Space-Based Capabilities Critical To U.S. National Security
Space-based capabilities are vital to U.S. national security in today's era of de-stabilizing challenges from Russia and undeniable strategic competition with China, the Defense Department's principal director for space policy told a House Armed Services Committee panel on May 24, 2021.
John D. Hill told the HASC subcommittee on strategic forces that Secretary of Defense Lloyd J. Austin III has also testified that the growth of Chinese and Russian counter space capabilities presents the most immediate and serious threats to U.S. allied and partner space activities. Additionally, ''Russia and China view space as critical to modern warfare and consider the use of counterspace capabilities as both a means of reducing U.S. military effectiveness and winning future wars,'' Hill said.
As these developments portend, the United States must be prepared for conflict to extend to, or even originate, in space, he said. But to be clear, such a conflict would not be a space war distinct from terrestrial war, but would represent ''an extension of traditional armed conflict into the space domain of human endeavor,'' Hill clarified.
Air Force Gen. David D. Thompson, vice chief of space operations, U.S. Space Force, told Congressional members that Space Force, the newest military service, has made tremendous strides in the first year by establishing and resourcing the organizational blueprint for the service; moving aggressively in the areas of human capital, force design, acquisition, integration; and providing the foundations to establish a truly digital service — while executing its critical space missions around the clock, without fail.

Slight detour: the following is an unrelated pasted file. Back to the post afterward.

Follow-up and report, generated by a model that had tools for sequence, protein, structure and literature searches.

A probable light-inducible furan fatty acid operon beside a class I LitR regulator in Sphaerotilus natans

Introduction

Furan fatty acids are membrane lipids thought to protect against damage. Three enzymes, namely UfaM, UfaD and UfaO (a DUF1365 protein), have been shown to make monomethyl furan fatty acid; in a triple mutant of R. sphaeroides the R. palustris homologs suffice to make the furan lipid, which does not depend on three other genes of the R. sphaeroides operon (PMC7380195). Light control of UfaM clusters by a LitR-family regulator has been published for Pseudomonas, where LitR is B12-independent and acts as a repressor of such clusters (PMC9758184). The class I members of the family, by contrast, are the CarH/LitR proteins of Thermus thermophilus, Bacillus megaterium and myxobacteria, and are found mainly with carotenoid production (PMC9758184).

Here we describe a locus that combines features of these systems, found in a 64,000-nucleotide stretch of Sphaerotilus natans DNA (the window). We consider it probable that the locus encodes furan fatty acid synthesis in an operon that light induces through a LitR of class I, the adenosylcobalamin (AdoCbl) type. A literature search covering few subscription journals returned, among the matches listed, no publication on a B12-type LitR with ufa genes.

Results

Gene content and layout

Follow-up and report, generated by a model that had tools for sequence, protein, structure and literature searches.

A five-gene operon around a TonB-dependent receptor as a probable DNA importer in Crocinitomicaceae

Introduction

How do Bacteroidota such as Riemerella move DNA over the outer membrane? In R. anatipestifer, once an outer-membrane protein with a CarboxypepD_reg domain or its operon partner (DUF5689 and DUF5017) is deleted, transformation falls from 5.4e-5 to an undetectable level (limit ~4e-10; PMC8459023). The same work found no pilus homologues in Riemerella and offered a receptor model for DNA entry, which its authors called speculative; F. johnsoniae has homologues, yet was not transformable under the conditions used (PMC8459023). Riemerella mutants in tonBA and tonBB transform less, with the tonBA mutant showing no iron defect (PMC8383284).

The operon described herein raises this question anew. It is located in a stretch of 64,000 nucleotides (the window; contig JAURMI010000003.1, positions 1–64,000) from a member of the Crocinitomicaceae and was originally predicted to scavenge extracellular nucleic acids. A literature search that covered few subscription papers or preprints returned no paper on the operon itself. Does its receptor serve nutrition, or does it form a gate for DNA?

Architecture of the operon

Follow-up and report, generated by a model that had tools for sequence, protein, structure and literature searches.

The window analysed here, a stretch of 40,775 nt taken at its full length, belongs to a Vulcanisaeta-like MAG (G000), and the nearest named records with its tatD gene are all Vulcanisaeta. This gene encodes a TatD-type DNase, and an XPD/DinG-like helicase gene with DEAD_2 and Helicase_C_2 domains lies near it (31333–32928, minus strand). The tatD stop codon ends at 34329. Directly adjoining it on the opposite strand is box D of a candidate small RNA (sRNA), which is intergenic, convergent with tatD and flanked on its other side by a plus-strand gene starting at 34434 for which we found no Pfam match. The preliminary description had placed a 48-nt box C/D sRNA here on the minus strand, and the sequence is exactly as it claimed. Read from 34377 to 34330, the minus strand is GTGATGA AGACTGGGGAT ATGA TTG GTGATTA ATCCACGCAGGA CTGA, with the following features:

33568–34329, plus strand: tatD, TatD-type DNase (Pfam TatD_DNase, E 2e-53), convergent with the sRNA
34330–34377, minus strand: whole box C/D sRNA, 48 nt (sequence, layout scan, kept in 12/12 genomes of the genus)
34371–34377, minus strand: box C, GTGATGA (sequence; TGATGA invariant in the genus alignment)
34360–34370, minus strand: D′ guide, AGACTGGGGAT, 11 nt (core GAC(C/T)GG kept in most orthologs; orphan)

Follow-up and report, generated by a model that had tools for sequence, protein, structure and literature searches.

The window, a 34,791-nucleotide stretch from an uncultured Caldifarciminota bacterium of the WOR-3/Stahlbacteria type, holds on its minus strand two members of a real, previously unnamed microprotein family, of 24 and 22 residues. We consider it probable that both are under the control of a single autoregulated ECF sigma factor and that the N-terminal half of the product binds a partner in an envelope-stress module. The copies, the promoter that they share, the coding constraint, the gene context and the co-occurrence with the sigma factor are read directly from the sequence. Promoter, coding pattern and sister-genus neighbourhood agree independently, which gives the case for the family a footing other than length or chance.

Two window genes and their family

The direction for the second year of the force, he said, is the integration of Space Force into the joint force, the interagency, and with U.S. allies and partners as building out the newest service continues.
''[We] have established the first field command Space Operations Command and completed the organizational design of the remaining two Space Systems Command and Space Training and Readiness Command, with the anticipated standup of those two commands later this year,'' Thompson said, noting that Space Operations Command is responsible for preparing and presenting forces to U.S. Space Command and other combatant commands.
The entire leadership of the Department of the Air Force remain committed and adamant that the pace of space acquisition must be increased, Thompson said, adding, ''Maintaining program delivery timelines of the recent past will not outpace the threat. We must go faster.''